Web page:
Oak Wilt

Oak Wilt is a tree disease caused by a non-native fungal pathogen which can afflict White and Red Oaks in the Eastern United States. The disease is more severe in Red Oak species, such as the Northern Red Oak and Northern Pin Oak. Red Oaks will die rather quickly from Oak Wilt, while White Oaks tend to contain the spread of the disease to infected branches.

Map of Oak Wilt presence throughout Wisconsin.

Map of Oak Wilt presence throughout Wisconsin.


Oak Wilt is prevalent in the southern Wisconsin counties of Wisconsin, but has not yet spread to some northern areas of the state. This article will introduce you to the signs and symptoms of Oak Wilt (Ceratocystis fagacearum), as well as management strategies we offer concerned homeowners.

Oak Wilt Symptoms

One of the first symptoms homeowners notice is the "flagging" of branches in your beloved Oak tree. These are branches with dried and dead leaves occurring in the upper canopy of trees in full sun. These symptoms may occur following storm damage in the summer, because breaks in the tree bark make the tree vulnerable to disease. If you notice summer storm damage on an oak tree, calling an arborist immediately is a great pro-active step to avoiding Oak Wilt.

Oak tree showing evidence of Oak Wilt.

Oak tree showing evidence of Oak Wilt.


Another symptom of Oak Wilt is the brown discoloration of leaves starting from the tip of the leaf and progressing towards the midrib, though this may be irregular. This symptom can be accompanied by uncharacteristic leaf drop. As mentioned earlier, this disease progresses rather quickly in Red Oaks, leading to rapid death, while White Oaks may only show wilting leaves the first year with symptoms progressing more slowly over the next few years.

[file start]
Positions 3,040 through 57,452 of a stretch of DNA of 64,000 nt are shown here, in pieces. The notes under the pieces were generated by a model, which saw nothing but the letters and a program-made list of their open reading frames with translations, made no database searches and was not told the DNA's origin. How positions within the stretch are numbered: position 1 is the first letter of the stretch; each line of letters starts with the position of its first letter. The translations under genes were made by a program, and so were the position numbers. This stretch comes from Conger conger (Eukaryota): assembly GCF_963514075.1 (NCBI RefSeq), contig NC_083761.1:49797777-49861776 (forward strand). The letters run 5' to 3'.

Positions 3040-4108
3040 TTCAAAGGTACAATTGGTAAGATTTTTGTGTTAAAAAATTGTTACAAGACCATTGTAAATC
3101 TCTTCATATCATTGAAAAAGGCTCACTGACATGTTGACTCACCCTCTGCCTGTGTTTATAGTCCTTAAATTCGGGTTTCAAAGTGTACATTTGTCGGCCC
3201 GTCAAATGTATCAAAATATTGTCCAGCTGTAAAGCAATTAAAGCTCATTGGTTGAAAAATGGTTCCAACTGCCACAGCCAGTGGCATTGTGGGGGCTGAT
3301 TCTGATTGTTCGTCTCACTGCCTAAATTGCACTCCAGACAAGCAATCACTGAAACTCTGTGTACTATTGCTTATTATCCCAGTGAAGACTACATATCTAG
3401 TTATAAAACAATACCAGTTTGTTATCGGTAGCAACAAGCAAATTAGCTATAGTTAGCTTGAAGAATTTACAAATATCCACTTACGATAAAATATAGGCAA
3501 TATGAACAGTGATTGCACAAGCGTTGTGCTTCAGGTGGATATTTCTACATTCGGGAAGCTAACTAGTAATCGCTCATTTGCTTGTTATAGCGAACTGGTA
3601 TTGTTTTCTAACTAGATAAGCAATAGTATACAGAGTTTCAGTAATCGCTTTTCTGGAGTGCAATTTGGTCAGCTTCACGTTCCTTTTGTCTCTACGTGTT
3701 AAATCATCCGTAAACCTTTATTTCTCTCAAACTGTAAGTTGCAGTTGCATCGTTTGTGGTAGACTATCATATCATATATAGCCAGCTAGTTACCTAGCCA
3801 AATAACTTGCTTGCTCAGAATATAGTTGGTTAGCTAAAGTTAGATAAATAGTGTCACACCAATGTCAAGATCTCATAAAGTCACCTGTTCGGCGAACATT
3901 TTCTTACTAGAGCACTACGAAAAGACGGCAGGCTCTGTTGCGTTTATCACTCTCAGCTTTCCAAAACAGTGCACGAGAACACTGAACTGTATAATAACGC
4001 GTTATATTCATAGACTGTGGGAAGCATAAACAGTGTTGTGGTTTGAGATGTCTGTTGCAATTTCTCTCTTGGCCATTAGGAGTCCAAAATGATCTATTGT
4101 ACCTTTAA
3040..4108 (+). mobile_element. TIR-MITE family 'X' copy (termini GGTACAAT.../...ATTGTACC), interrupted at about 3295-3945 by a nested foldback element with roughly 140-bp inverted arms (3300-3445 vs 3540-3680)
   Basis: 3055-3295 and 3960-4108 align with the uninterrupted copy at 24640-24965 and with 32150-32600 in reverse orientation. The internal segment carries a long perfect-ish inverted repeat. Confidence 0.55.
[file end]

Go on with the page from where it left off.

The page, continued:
Signs of Oak Wilt on Red and White Oak leaves.

Signs of Oak Wilt on Red and White Oak leaves.

Symptoms are useful for leading to a disease diagnosis in plants. Symptoms area plants' reaction to a disease, while the signs discussed next are the causation. Be aware that symptoms can be shared across many tree diseases, which is a common cause of misdiagnosis. The best way to determine if a tree has oak wilt is to take a branch sample from the affected portion of the tree and ask an arborist or other tree professional to evaluate.


The Oak Wilt Fungus can spread through intersections of Oak roots, which can make its spread difficult to control. The fungal mats in the trees' cambium produce volatile compounds that attract the vector for this disease. (A vector is the transmission factor that causes new infections of Oak Wilt in healthy trees by entering wounds.) Two species of sap beetles are the culprits for overland Oak Wilt transmission. Signs of Oak Wilt would be either the fungal pressure pads found under the tree bark or presence of the beetle.

Carpophilus sayi  (left) and  Colopterus truncates  (right)

Carpophilus sayi (left) and Colopterus truncates (right)

Management Strategies

Oaks are particularly susceptible to Oak Wilt infection in the spring and summer, while the beetles are infecting fresh wounds. For this reason, you should only prune Oak trees between November (first hard frost is a good measure) and March if possible. Any wounding from storms occurring between the spring or summer months should still be pruned as soon as possible to prevent infection, and should also be treated with a pruning sealant.

If you have an existing Oak infected with Oak Wilt that needs to be removed, you should:

  1. Schedule a removal in the winter months to prevent further spread to neighboring trees.
  2. Some homeowners may also consider trenching around infected trees to prevent root spread of the fungus. This measure is not a guarantee because you do not know for sure if all the root grafts between trees will be severed, but is a good alternative to the fungal treatment.
  3. Another more effective preventative measure is to treat your trees with a systemic injection of propiconazole, a fungicide that can protect high value trees for up to two years. This treatment can slow the infection of White Oaks with less than 30% crown decay symptoms, but is not recommended for infected Red Oak trees.

We want to help protect your Oak trees and maintain the health of our urban canopy. Contact Heartwood if you need help managing or caring for your oaks ,or if you just have a question.